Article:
November 2, 2000
Honoring Jewish Veterans
For some, Veterans Day might be just another excuse to miss work. For others, it is a day of remembrance in honor of all soldiers, dead and alive, who have fought to preserve the American way of life.
Count the Jewish War Veterans among the latter. On Nov. 10, Sephardic Temple Tifereth Israel in Westwood and local members of Jewish War Veterans - a national affiliation of Jews who have served in the U.S. Armed Services and fought in every American conflict through the Gulf War - will salute the holiday as they have for the past decade - with a special commemorative dinner at Sephardic Temple's Maurice Amado Hall. In addition to the reverent gathering, photos and manuscripts will be on display in the lobby.
Rabbi Jacob Ott, rabbi emeritus of Sephardic Temple, where he served as spiritual leader for 34 years, helped start the annual banquet 13 years ago with co-chairs Steve Rosmarin and Hy Arnesty. Ott said that his interest in such an evening was partly personal.
"I'm a veteran myself," Ott told The Journal. "I was the Jewish chaplain of 83rd Infantry Division. I have five battle scars and the Bronze Star Medal with oakleaf cluster."
Arnesty, who is grateful for the continued support from Sephardic Temple's current spiritual leader, Rabbi Daniel Bouskila, said that the annual dinner is a very important event for members of the 105-year-old veterans organization.
"It's very gratifying and important to celebrate the Jewish War Veterans," said the colorful Arnesty, a former Fairfax High rope-climbing champion. "If it wasn't for these veterans, Hitler would be in the White House."
"I've been told so many times that Jews never participated in wars. This is not true," said Arnesty, who points out that Jews served in every major American war, including the American Revolution and the War of 1812. "We have a monument at Home of Peace Memorial Park in memory of all the Jewish men and women who served in the U.S. military in war and peace."
"It opens our eyes to the fact that the Jews, much beyond their numbers, have contributed a lot in the military," said Jack Israel, editor of Sephardic Temple's El Shofar newsletter, who credits Arnesty for his tireless efforts in putting the Jewish War Veterans' evening together.
"He demands and inspires a lot of attention, without any great amount of accolades," said Israel.Last year's Jewish War Veterans affair was graced by guest speaker Lt. Col. Gil Elan of the Israel Defense Forces Reserves. This year, the veterans will welcome keynote speaker Neil Goldman, past national commander of the Jewish War Veterans and president of the National Museum of American Jewish Military History in Washington, D.C. The organization expects about 400 veterans, members of L.A.'s two local Jewish War Veterans chapters, to attend next week. And seeing that their first event attracted about 25 people, organizers are over the moon about the dinner's growth through the years.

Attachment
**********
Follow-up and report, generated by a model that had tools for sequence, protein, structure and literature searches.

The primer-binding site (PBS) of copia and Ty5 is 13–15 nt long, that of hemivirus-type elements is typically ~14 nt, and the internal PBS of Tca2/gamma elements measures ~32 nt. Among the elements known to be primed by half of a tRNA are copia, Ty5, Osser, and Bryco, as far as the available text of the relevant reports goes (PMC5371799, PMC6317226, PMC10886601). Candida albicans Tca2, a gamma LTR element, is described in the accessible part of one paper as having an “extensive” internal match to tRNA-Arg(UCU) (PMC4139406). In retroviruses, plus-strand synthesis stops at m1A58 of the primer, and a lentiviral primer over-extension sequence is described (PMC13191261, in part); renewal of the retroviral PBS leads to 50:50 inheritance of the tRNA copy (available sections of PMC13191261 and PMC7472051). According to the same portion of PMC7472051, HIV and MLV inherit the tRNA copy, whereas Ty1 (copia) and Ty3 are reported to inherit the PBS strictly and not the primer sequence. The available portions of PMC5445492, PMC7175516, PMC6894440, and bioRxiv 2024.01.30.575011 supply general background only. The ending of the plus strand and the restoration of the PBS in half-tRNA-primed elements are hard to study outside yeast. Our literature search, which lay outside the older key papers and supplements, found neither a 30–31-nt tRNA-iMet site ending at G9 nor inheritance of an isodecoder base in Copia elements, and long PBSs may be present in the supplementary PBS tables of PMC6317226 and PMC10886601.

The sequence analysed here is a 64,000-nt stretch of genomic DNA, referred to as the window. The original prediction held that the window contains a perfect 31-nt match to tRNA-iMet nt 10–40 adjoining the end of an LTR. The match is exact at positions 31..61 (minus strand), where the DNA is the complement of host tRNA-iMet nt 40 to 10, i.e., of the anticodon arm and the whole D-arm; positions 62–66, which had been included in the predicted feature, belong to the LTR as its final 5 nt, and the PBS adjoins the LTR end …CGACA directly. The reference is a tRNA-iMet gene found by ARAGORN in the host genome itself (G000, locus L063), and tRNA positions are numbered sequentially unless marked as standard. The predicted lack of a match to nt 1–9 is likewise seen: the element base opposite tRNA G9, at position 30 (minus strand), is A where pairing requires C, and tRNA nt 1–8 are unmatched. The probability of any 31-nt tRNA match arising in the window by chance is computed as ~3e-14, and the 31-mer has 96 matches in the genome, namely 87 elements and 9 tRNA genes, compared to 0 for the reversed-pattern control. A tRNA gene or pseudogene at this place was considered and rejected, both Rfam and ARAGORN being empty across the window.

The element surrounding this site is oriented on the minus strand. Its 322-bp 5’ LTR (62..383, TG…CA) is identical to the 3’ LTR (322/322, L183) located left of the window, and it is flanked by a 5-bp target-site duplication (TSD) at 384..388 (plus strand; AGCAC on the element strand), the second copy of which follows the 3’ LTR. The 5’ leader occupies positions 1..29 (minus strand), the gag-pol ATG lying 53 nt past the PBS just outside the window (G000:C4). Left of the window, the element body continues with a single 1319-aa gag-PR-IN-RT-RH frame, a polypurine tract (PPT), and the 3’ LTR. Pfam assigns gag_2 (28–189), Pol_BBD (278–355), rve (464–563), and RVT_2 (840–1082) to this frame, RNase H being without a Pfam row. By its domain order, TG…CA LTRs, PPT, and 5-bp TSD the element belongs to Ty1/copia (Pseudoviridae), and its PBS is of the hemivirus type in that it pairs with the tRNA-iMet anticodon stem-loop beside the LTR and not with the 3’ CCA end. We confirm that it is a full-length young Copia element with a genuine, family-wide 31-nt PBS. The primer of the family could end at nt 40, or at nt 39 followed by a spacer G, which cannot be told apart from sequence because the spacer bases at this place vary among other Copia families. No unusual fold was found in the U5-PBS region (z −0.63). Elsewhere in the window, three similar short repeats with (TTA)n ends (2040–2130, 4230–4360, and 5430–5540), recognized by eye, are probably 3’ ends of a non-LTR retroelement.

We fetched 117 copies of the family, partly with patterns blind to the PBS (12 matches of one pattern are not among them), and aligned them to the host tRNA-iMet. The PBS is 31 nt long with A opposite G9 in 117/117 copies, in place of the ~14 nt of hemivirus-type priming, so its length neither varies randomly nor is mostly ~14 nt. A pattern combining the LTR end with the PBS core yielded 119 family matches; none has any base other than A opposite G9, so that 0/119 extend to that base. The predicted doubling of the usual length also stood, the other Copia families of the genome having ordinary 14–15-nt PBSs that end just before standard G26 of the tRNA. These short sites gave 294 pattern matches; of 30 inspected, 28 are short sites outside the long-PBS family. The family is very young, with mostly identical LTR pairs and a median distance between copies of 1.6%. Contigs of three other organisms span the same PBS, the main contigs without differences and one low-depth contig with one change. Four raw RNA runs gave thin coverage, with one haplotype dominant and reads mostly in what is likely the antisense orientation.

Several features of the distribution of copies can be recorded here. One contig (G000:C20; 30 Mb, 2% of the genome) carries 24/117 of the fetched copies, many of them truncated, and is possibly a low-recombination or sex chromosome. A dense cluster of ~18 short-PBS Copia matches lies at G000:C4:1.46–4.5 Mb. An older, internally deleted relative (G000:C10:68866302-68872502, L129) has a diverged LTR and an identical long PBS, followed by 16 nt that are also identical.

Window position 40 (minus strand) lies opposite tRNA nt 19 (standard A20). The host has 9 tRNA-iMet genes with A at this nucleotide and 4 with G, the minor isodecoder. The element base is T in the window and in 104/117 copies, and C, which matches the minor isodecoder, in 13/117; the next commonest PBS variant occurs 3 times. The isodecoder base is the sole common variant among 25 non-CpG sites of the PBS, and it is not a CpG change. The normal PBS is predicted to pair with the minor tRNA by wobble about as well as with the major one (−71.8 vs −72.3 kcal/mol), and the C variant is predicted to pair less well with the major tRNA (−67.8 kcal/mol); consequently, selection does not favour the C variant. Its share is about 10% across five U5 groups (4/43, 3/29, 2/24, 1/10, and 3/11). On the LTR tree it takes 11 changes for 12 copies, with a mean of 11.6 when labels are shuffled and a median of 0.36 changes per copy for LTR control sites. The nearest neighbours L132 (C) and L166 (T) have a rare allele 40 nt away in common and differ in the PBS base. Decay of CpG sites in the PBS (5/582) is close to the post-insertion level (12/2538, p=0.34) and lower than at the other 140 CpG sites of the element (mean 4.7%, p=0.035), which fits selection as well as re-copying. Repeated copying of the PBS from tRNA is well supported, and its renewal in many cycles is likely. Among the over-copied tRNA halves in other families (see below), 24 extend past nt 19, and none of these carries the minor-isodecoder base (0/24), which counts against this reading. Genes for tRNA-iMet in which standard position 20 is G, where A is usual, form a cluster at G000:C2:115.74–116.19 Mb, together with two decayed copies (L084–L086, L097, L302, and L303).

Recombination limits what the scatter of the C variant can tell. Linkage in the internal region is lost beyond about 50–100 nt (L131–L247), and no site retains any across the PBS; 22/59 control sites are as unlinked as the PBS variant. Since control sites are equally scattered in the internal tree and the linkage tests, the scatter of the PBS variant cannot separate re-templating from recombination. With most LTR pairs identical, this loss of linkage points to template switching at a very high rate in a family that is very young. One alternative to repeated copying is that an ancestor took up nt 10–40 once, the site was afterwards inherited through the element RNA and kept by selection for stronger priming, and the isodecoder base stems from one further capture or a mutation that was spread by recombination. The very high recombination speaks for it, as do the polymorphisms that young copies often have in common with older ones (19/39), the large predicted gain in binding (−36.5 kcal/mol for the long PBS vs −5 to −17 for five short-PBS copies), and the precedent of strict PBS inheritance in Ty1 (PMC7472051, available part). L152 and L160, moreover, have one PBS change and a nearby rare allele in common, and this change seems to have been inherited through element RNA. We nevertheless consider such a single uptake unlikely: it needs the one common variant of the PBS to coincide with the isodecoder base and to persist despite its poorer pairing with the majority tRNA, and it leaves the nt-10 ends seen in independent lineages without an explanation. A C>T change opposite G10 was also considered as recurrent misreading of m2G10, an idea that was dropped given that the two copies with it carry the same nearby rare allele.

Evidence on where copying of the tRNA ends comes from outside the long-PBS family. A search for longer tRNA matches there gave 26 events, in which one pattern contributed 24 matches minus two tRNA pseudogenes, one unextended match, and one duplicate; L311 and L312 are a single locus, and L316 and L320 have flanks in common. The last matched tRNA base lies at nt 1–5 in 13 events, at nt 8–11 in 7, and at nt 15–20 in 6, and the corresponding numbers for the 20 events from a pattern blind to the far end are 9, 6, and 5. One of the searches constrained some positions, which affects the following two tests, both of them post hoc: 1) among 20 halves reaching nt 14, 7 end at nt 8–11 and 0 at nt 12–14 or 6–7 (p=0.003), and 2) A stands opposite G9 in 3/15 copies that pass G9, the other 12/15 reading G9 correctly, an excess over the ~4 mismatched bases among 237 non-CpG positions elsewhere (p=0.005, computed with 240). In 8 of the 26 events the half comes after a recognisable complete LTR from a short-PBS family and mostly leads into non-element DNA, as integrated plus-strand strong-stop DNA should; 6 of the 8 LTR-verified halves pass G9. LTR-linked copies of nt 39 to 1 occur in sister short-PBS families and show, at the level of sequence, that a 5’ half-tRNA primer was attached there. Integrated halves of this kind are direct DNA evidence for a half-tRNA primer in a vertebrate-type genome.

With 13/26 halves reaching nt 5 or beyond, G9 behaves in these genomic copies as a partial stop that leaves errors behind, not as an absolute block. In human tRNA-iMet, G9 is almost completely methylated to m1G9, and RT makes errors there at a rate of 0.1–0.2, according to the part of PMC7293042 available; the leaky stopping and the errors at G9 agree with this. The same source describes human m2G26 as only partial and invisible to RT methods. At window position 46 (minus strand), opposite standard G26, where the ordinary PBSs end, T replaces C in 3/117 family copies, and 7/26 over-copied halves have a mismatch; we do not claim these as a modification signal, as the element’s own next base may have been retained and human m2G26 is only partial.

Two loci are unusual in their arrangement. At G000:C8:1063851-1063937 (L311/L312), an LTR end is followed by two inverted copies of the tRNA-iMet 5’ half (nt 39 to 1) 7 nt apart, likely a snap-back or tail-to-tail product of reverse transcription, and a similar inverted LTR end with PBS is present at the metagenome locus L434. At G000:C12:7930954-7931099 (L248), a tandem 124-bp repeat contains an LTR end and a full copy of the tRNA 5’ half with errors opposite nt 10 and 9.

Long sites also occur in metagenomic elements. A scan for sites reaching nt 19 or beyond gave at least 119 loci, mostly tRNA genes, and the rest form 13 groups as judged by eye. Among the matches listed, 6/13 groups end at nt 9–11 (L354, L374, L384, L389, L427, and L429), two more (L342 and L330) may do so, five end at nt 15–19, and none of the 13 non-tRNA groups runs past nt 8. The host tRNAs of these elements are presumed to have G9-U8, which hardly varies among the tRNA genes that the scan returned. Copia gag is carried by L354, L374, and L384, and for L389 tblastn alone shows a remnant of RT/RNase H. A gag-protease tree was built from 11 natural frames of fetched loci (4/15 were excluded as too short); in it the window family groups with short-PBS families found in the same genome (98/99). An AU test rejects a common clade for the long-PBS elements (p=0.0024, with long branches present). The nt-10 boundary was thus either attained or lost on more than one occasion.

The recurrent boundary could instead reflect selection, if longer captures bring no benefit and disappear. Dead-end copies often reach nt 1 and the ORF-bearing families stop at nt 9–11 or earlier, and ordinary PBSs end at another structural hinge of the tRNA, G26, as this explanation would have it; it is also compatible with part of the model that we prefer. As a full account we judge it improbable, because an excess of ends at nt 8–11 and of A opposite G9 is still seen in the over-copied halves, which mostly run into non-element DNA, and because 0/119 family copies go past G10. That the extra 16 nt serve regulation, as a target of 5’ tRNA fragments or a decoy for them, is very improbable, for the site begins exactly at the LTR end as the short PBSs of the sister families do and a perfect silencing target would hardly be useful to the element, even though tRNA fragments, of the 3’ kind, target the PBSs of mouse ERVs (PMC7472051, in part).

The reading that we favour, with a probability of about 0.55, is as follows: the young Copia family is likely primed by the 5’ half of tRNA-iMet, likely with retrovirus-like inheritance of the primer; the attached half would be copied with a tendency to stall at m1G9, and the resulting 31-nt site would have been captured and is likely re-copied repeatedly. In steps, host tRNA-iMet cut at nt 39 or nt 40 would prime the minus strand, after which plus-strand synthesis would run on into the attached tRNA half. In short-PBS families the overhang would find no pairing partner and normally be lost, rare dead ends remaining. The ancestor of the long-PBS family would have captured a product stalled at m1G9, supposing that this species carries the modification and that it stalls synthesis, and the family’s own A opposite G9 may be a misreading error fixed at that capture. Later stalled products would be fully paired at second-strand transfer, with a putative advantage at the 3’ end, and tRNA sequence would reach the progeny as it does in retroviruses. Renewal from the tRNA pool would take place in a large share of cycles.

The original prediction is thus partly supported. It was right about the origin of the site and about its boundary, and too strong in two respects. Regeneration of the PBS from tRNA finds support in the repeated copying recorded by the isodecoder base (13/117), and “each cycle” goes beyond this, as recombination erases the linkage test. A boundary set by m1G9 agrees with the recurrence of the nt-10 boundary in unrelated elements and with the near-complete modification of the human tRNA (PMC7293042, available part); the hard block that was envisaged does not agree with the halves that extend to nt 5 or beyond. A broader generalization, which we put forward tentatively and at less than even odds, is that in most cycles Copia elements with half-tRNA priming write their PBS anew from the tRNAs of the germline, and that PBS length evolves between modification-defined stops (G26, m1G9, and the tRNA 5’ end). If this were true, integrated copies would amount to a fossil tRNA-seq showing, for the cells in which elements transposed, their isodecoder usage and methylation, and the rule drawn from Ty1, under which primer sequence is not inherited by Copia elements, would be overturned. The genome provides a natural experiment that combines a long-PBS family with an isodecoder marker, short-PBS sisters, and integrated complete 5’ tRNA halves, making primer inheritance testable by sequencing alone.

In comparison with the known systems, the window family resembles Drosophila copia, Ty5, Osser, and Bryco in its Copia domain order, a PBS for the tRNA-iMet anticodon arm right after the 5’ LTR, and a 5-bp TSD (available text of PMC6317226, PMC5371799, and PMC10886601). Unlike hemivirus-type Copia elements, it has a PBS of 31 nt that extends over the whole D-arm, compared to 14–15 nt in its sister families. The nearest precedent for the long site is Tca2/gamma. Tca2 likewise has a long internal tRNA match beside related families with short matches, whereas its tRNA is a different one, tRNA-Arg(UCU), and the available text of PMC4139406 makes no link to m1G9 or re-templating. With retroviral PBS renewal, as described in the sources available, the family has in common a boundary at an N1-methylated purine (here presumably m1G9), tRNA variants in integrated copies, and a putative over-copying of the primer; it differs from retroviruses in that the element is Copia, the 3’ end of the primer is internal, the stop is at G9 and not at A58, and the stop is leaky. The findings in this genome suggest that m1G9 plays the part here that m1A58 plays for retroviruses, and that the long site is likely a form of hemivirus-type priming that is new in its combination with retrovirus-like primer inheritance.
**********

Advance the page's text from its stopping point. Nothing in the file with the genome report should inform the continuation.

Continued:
"It's a real commemoration. It's very serious, very sacred," said Ott, who added that the bond among these vets is equally sacrosanct. "Very often, you will find when buddies get together and share memories, it really is a matter of the heart."
For more information or to make reservations, call Suzanne Hodel at (310) 475-7311 at Sephardic Temple Tifereth Israel in Westwood. The Jewish War Veterans' monument, which was dedicated May 28, 2000, is at Home of Peace Memorial Park at 4334 Whittier Blvd., Los Angeles. - By Michael Aushenker, Staff Writer
Art of Yiddish Scheduled
In a way, these are boom times for Yiddish culture. Enthusiasts young and old - many drawn in by klezmer music - are now flocking to rediscover the mameloshn and all that goes with it. At the same time, the generations who spoke Yiddish as a native language are dwindling. To keep the vitality of the culture alive, dedicated activists in places as far afield as Amherst, Massachusetts, Oxford, England and Vilna, Lithuania now offer educational opportunities for those fascinated by Yiddish. Here in Los Angeles, Miriam Koral's California Institute for Yiddish Language and Culture, in conjunction with UCLA Extension and Yiddishkayt Los Angeles, has announced a two-week immersion program called The Art of Yiddish. From Dec. 17 -29, participants can enjoy intensive Yiddish language courses along with music, theater and film events. One highlight: a bilingual dramatic reading of "Vini-der-Pu," the recently published Yiddish version of A. A. Milne's classic.
The Art of Yiddish is open to everyone, from fumbling beginners to fluent Yiddish speakers. Applicants can attend the entire program or bypass the language classes and focus solely on the cultural offerings. All activities take place at Santa Monica's DoubleTree Guest Suites, where some participants are booking rooms for the two-week period. As a forshpayz (appetizer), organizers have planned an open house from 4 to 6 p.m. on Sun., Nov. 5, in the Humanities Conference Room at UCLA's Royce Hall. The free event features the Ellis Island Klezmer Band as well as nosherai (refreshments).
Koral, who grew up in a Yiddish-speaking household, insists that "Yiddish is not about nostalgia. There's a tremendous sophistication in the body of work that has been produced, in literature and in every other aspect of the culture. It's an incredible legacy."
She adds, "Yiddish has magic. It can yet outwit history."